Only 3 out of 29 private doctors given benefit of PMGKP scheme, Maharashtra Government tells Bombay HC
Yossi Aloni

Only three of the total 29 private practitioners have been paid the insurance amount under the Pradhan Mantri Garib Kalyan Package (PMGKP) till now, the Bombay High Court was informed on Wednesday. The HC was further told that since this is an "ongoing" scheme, no further category of doctors or health care workers can be added to claim benefit under this insurance scheme.

A bench of Justices Shahrukh Kathawalla and Riyaz Chagla while ordering the state to specify why the 26 other private doctors were denied the benefit under the scheme, reserved its judgment in the matter.

The judges were seized with a plea filed by a Navi Mumbai based woman seeking benefits under the scheme. She claimed that her husband, an Ayush doctor by profession died in June due to the deadly Covid-19 virus. She said that her husband got infected to the deadly virus while treating patients including those infected by the virus.

The New India Assurance Company Limited (NIACL) denied granting any insurance benefits claiming that her husband was a private practitioner and not a government employee.

This led the bench to summon the Union health ministry to spell out its stand on the issue.

Appearing for the Union government, additional solicitor general Anil Singh told the bench that since the woman's husband wasn't on Covid duty, nor was he ordered or asked to treat Covid patients in any government or private hospital requisitioned by the state or union government.

The ASG pointed out that only doctors and community healthcare workers, working in the frontlines and in direct contact of Covid patients have been covered under the said scheme.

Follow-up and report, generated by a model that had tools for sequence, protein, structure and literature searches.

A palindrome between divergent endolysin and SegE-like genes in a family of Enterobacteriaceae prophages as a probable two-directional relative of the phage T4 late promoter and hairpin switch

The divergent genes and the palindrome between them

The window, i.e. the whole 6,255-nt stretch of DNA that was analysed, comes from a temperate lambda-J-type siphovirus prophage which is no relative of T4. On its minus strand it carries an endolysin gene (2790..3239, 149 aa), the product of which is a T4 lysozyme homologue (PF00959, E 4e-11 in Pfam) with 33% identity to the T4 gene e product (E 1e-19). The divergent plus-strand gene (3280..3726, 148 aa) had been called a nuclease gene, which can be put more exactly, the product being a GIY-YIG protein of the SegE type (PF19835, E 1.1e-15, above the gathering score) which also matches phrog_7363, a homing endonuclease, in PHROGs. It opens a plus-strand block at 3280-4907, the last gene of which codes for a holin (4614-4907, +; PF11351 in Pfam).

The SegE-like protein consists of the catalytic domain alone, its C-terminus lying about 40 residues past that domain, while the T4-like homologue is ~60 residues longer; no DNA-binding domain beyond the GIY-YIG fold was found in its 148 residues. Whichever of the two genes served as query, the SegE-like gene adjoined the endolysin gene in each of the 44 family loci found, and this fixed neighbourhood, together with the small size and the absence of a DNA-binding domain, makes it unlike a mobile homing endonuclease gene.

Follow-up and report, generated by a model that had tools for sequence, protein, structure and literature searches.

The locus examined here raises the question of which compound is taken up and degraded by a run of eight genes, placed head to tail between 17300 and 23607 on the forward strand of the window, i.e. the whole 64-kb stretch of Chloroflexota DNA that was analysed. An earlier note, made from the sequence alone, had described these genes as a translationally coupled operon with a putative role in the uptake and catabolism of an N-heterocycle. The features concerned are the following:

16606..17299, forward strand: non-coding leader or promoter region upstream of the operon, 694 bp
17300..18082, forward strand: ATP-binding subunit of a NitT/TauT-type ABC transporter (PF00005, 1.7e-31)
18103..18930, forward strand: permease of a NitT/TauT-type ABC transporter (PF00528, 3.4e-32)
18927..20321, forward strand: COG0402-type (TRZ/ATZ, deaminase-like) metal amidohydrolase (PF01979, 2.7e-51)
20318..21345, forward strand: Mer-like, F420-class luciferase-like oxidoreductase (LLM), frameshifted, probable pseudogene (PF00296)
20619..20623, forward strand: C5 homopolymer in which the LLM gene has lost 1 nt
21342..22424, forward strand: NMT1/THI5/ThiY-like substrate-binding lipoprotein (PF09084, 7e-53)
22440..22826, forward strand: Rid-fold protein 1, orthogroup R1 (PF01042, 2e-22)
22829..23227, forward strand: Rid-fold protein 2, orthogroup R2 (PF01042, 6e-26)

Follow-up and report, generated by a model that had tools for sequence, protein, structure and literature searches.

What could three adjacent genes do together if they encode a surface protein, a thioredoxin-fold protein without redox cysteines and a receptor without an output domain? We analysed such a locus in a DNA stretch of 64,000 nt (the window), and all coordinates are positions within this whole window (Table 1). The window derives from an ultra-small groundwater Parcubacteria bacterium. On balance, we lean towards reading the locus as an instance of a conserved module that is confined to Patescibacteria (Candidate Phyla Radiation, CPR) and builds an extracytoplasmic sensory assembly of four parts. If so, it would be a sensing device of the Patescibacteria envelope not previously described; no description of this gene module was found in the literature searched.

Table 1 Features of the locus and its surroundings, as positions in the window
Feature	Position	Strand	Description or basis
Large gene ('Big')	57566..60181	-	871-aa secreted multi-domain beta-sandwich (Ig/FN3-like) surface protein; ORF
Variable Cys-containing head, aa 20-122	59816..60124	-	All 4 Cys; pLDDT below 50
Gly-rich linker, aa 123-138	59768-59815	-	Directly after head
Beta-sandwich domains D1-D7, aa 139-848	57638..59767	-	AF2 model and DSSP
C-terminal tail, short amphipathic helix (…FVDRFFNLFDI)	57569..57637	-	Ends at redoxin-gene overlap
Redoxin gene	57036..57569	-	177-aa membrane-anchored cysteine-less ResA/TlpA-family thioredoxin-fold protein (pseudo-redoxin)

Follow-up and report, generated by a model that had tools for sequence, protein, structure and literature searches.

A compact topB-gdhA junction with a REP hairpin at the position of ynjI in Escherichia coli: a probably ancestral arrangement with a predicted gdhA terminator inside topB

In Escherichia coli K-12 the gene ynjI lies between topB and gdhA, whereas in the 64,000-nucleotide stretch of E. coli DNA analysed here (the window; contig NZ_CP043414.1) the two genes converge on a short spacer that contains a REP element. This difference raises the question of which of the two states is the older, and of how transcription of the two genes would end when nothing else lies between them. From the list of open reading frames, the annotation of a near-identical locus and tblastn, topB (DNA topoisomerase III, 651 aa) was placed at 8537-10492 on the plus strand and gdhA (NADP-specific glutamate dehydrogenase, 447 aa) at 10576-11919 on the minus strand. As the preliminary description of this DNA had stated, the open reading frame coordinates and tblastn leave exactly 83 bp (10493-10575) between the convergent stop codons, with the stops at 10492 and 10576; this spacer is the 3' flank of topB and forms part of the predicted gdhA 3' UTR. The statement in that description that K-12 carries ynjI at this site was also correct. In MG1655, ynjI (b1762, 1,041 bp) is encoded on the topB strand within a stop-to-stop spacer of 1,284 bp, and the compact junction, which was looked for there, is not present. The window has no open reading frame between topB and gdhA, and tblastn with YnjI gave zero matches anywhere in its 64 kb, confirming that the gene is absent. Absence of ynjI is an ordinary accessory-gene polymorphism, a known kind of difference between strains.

"Other than the categories already covered under the scheme no other doctors could now be included for claiming benefits. Since the scheme is implemented through a nationalised bank, everything including the numbers of beneficiaries, categories etc was fixed. Thus, now no more categories of beneficiaries can be included," Singh pointed out.

A similar submission was made by assistant government pleader Kavita Solunke, who pointed out that the woman's husband was not treating Covid patients.

"Firstly, he was 56 year old at the relevant time so as per the time to time circulars, he wasn't allowed to treat any patients. Secondly, he did not treat Covid patients and was only operating in his clinic," Solunke argued.

To the contention of the deceased doctor's wife that her husband opened the clinic only after the Navi Mumbai civic chief ordered him to, Solunke said, "The circulars were issued at that time urging all private practitioners to open their clinics but that was not for Covid. The only intent was that the non-Covid patients too must get timely treatment."

The judges sought to know from Solunke as to on what grounds did the state denied benefits to the remaining 26 applications made by families of private doctors, who died of Covid. She has been asked to submit the forms of these doctors.

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